By Chris Lane
By Jeff Balke
By Aaron Reiss
By Angelica Leicht
By Dianna Wray
By Aaron Reiss
By Camilo Smith
By Craig Malisow
Afterward, she had trouble finding common ground.
"I felt I was a woman and I was still attracted to women, ergo, I was a dyke," she says. "Fine with me. It wasn't fine with the other dykes, not in those days. And they questioned -- 'How can you be a woman? You don't have any of the socialization we've had'...and it made sense. So I said, 'All right, I'm not a woman, I'm a transsexual woman,' and that kind of mollified everybody. And then I realized, well, what am I saying here? If I'm not a woman, not a man, well, I guess I'm neither. And at that point, it was one of my many forays to the edge of suicide. It's not a pleasant place to be -- neither/nor -- when the culture says there's no such thing."
Bornstein also was told she should follow the old-school tranny code: Erase the past.
"It's mind-boggling, but transsexuality seems to be the only condition for which the therapy is to lie," she says. "And I didn't want to do that anymore."
Her struggles with gender identity were the basis for her first book, 1994's Gender Outlaw. She followed that with plays and more books, including the forthcoming Hello Cruel World: 101 Alternatives to Teen Suicide.
Connecting with gender-questioning youths is important because, she says, "Transgender has always been the territory of old farts, and now it's got some real juice behind it."
She calls genderqueer "a gender version of beatnik, hippie Ė whatever you want to call it. It's punk. It's that kind of radical voice and expression against conformity...I think it's cute, I think it's smart, I think it's really, really powerful."
Denise LeClair, executive director of the International Foundation for Gender Education, also sees power in genderqueer.
"For people who are genderqueer, they're celebrating it," she says from her office near Boston. "They're not going to apologize for the fact that they look different."
At first glance, you'd probably call LeClair a transsexual. She wouldn't disagree, but she prefers other descriptors. Stepparent. Soccer mom.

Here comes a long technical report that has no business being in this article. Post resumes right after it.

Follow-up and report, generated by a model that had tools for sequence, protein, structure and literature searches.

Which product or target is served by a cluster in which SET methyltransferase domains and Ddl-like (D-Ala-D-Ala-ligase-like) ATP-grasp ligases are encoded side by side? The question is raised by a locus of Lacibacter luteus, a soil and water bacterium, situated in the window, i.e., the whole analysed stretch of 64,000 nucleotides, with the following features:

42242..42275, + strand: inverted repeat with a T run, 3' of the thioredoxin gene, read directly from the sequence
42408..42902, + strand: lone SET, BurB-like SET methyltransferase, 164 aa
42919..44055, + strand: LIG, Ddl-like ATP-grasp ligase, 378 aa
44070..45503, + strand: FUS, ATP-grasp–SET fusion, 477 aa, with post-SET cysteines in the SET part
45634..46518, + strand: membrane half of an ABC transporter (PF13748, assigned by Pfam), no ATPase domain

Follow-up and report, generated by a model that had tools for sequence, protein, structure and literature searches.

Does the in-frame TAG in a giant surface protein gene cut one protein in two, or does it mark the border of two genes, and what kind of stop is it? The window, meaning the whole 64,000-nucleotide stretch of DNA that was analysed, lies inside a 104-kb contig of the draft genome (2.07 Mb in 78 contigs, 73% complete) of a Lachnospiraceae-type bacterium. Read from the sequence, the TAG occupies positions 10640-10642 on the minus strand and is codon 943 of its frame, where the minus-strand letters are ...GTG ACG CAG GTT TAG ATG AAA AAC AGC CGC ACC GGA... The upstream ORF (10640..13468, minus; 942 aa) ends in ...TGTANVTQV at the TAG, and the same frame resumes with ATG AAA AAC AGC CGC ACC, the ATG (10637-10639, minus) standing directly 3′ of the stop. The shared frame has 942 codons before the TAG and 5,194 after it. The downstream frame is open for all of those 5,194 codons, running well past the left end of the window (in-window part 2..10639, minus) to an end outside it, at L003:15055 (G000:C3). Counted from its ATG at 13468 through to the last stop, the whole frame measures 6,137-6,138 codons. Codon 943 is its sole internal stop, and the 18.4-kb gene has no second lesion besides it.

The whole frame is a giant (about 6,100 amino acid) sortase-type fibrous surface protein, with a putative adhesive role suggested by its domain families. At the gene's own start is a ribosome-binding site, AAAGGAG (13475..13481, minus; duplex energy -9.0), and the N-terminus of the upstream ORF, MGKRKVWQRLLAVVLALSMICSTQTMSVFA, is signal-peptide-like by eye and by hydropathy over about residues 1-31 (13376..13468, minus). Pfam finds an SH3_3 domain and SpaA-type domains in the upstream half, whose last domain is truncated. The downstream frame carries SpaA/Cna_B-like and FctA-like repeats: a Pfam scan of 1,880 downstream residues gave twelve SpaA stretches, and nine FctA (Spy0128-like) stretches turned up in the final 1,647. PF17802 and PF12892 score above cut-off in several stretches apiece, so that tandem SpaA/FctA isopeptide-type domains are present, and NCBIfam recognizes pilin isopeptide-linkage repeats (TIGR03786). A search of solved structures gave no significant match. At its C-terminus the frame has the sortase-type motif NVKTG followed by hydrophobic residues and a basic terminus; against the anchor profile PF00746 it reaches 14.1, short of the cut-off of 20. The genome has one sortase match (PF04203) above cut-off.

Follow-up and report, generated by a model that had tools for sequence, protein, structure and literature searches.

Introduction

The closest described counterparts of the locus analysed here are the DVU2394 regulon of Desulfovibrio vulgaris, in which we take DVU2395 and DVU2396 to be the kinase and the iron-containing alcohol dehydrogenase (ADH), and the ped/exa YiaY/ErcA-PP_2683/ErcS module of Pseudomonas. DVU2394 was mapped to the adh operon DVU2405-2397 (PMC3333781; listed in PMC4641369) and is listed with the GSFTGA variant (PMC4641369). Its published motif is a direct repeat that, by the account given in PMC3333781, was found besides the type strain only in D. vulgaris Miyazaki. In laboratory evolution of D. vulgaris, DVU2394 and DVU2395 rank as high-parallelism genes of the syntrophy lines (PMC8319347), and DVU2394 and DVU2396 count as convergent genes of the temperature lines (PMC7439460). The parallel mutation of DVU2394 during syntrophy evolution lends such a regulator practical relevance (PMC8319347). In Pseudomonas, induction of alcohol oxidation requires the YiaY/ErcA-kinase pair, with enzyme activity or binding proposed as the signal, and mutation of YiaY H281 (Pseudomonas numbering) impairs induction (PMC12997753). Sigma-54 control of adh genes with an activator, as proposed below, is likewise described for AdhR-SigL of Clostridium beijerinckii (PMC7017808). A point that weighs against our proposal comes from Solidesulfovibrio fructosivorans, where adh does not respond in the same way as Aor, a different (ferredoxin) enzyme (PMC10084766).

"At this point, the term 'straight woman' would also apply," she says.
While she likes the term genderqueer, she says many older gays and lesbians think of "queer" as an insult.
"They don't see any redeeming characteristics in it," she says. "And it's just the word that people would yell before they tried to hurt them."
And, she says, gender roles can be just as oppressive in the GLBT community as elsewhere.
"If you look in personal ads in the gay community, you're going to see the word 'straight-looking' [or] 'straight-acting' in most of those ads...because people want to be with somebody who's not going to call attention to themselves," she says. "So even if you don't care that your boyfriend is really flamboyant, you know that if you're out with him, you may be more likely to get attacked, or that you're going to have less acceptance from family and stuff because you're more visibly gay. And ironically enough, that visible gay thing is usually more of an attribute of gender expression, although most of these people would say that they're not transgender."
Gender conformity is what makes a movie as supposedly controversial as Brokeback Mountain a big hit.
"These are manly men," LeClair says of the film's protagonists. "They're actually really conforming to their gender roles, and because they're not breaking any other boundaries, they're being circumspect about which things they cross over, then people are going, 'Oh, wow, isn't that a beautiful story.' But throw in one single boa into Brokeback Mountain and the whole thing goes away. You got nothing."
Started at the age of four
My mother went to the grocery store
Went sneaking through her bedroom door
To find something in a size four
-- Green Day
But if ever a gay cowboy rode the plains in a Stetson and boa, you can bet he had an overbearing mother and didn't bond with Dad.
Or at least that's what the National Association for the Research and Therapy of Homosexuality has concluded. The California-based organization's plethora of physicians, psychologists and laypeople claim homosexuality and gender-bending are disorders that can be cured.
NARTH director Joseph Nicolosi didn't have a lot of time to talk, but it didn't really matter, because as far as he's concerned, it's pretty cut-and-dried. When asked if there could ever be an instance of a person eschewing their gender role without ever having suffered emotional or psychological trauma, Nicolosi said, "No, of course not."
Ergo, any little boy who prefers Barbie over Tonka trucks "did not disidentify with the mother and bond with the father."
Pennsylvania physician Richard Fitzgibbons's research supports Nicolosi's assessment. Fitzgibbons, a NARTH member, requested that the Houston Press e-mail questions about his gender identity research, but he failed to reply.
Fitzgibbons's research shows a slippery slope. In one paper, a boy goes from playing with Barbie to being a gay alcoholic prostitute with HIV in four paragraphs.
"Today, many adults try very hard not to impose rigid gender stereotypes on young children, but this push for gender openness can lead parents to ignore the symptoms of gender identity conflict," Fitzgibbons wrote in the June 2001 issue of the Catholic magazine Lay Witness.